• 1964 -- Beatlemania was at its peak in the winter of 1964, but not every music fan had the Beatles' brand of rock and roll on their turntable. In fact, it was jazz music—vital, innovative, contemporary jazz music—that captured the imagination of a significant proportion of American music fans in 1964, and no jazz musician at that time was more vital, innovative and contemporary than Thelonious Sphere Monk. So important was jazz on the American cultural scene, and so important was Monk in the world of jazz, that his portrait graced the cover of Time magazine February 28, 1964. The piece inside the magazine, called "The Loneliest Monk," by writer Barry Farrell, gave Thelonious the credit he deserved for helping bring jazz out of the Swing era. "Monk presided at the birth of bop," Farrell wrote of Monk's legendary tenure as the resident piano player at Minton's Playhouse in New York City in the 1940s. "Rhythms scrambled forward at his touch; the oblique boldness of his harmonies forced the horn players into flights the likes of which had never been heard before....[But] when bop drifted out of Harlem and into wider popularity after the war, Monk was already embarked on his long and lonely scuffle." The "long and lonely scuffle" was Farrell's way not only of characterizing the iconoclastic musical path that Monk would follow through the 1950s, but also of alluding to Monk's well-known "eccentricity"—what his loved ones knew to be a longstanding but unnamed mental illness. In the brilliant, Clint Eastwood-produced documentary, Thelonious Monk: Straight no Chaser, Monk's manager, Harry Colomby, recalled that the first interview with Farrell coincided with the start of one of Monk's episodes of strange behavior. "By the time he got downstairs with me, he was already...he was already off somewhere." "I don't recall him being hospitalized for it until the mid- to late-60s," his son, Thelonious Monk, Jr., recalled, "But my mom, she would tell me that she saw the signs of it much, much earlier." For his part, Monk made light of the issue to Farrell, even joking about an incident in which he was briefly hospitalized after being found wandering alone and speaking incoherently: "I can't be crazy," he said, "'cause they had me in one of those places and they let me go." Thelonious Monk, composer of such jazz standards as "'Round Midnight," "Blue Monk" and "Well, You Needn't" continued performing and pursuing a truly unique direction in jazz until his death on February 17, 1982.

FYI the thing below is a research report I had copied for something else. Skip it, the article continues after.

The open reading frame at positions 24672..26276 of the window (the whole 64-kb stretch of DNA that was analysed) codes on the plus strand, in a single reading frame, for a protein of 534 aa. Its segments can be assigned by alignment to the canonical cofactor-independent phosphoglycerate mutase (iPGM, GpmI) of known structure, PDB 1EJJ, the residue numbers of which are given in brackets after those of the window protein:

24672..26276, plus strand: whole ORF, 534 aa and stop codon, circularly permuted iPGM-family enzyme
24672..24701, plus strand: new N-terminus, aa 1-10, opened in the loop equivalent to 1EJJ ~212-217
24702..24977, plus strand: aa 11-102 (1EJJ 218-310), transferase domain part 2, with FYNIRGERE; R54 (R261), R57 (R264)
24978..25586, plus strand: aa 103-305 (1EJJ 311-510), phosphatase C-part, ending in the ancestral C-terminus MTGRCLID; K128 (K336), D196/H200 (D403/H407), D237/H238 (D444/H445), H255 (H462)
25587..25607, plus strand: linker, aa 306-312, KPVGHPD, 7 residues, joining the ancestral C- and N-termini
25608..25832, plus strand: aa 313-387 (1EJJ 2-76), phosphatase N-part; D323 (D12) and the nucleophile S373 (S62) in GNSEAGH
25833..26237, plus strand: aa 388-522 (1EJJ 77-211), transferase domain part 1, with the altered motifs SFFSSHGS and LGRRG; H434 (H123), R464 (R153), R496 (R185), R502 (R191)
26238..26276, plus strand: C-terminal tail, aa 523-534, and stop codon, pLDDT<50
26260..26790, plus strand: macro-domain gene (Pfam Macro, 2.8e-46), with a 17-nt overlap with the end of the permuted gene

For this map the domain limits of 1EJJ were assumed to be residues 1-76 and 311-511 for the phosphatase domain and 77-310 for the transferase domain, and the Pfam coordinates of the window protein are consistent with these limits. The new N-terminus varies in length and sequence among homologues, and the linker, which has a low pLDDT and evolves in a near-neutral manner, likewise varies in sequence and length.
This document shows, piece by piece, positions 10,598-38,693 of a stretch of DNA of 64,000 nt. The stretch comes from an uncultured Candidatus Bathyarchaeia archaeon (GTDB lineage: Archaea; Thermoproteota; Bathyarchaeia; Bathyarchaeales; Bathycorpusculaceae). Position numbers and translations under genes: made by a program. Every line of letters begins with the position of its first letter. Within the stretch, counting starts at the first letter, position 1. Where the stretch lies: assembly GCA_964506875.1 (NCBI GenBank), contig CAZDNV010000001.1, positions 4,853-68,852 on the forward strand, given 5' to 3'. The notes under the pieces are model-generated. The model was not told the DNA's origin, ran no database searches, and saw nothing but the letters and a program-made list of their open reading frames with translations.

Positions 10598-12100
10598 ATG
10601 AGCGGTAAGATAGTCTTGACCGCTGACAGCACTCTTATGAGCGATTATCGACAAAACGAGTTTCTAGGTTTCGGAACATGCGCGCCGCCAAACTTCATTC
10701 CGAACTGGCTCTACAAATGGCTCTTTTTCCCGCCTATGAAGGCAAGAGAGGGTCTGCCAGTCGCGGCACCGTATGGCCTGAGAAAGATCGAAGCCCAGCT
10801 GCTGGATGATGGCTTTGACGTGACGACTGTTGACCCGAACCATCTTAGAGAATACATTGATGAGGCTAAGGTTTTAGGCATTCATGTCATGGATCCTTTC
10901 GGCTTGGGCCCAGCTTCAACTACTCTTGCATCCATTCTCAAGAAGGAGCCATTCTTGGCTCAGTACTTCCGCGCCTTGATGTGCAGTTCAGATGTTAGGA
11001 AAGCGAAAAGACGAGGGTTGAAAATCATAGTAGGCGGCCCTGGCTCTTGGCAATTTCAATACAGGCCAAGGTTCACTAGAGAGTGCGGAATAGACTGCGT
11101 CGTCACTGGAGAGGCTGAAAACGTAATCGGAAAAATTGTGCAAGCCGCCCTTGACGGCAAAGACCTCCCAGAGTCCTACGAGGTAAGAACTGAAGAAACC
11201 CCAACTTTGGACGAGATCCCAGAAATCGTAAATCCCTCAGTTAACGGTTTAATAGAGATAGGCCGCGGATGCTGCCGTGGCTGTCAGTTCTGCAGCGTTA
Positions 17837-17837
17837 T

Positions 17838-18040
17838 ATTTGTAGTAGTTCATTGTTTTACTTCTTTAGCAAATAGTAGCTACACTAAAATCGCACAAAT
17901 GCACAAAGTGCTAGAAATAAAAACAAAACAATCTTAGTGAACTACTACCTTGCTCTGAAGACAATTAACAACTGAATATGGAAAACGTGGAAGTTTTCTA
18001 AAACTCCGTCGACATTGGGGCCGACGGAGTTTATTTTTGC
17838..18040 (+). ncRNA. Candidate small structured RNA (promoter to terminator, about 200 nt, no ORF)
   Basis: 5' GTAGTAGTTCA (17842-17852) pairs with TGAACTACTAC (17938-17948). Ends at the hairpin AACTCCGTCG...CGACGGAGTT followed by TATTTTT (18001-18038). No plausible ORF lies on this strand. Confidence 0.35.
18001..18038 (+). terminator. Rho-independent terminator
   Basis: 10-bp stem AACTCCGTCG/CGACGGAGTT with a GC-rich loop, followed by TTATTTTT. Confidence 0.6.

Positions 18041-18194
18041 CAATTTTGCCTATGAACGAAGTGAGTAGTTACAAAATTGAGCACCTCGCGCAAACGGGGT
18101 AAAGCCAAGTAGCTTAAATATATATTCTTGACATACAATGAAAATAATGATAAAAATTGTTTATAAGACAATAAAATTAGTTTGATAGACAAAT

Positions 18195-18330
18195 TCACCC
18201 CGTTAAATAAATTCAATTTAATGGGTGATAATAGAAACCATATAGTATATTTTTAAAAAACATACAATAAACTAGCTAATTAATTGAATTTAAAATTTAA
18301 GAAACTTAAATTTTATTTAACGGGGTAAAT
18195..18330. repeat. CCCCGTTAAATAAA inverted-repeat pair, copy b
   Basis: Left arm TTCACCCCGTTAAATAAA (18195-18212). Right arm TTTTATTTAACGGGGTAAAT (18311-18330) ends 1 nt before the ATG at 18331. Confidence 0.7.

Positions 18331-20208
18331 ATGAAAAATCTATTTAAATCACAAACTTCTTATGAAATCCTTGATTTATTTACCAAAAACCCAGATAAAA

• 1966 --- Liverpool's Cavern Club, made famous by The Beatles, closed with debts of $17,000. The stage was sawed into small pieces and sold.
  • 1972 --- President Richard M. Nixon and Chinese Premier Chou En-lai issued the Shanghai Communique at the conclusion of Nixon's historic visit to China, a step toward the eventual normalization of relations between the two countries.
  • 1983 --- The concluding episode of the long-running television series "M*A*S*H" drew what was then the largest TV audience in U.S. history.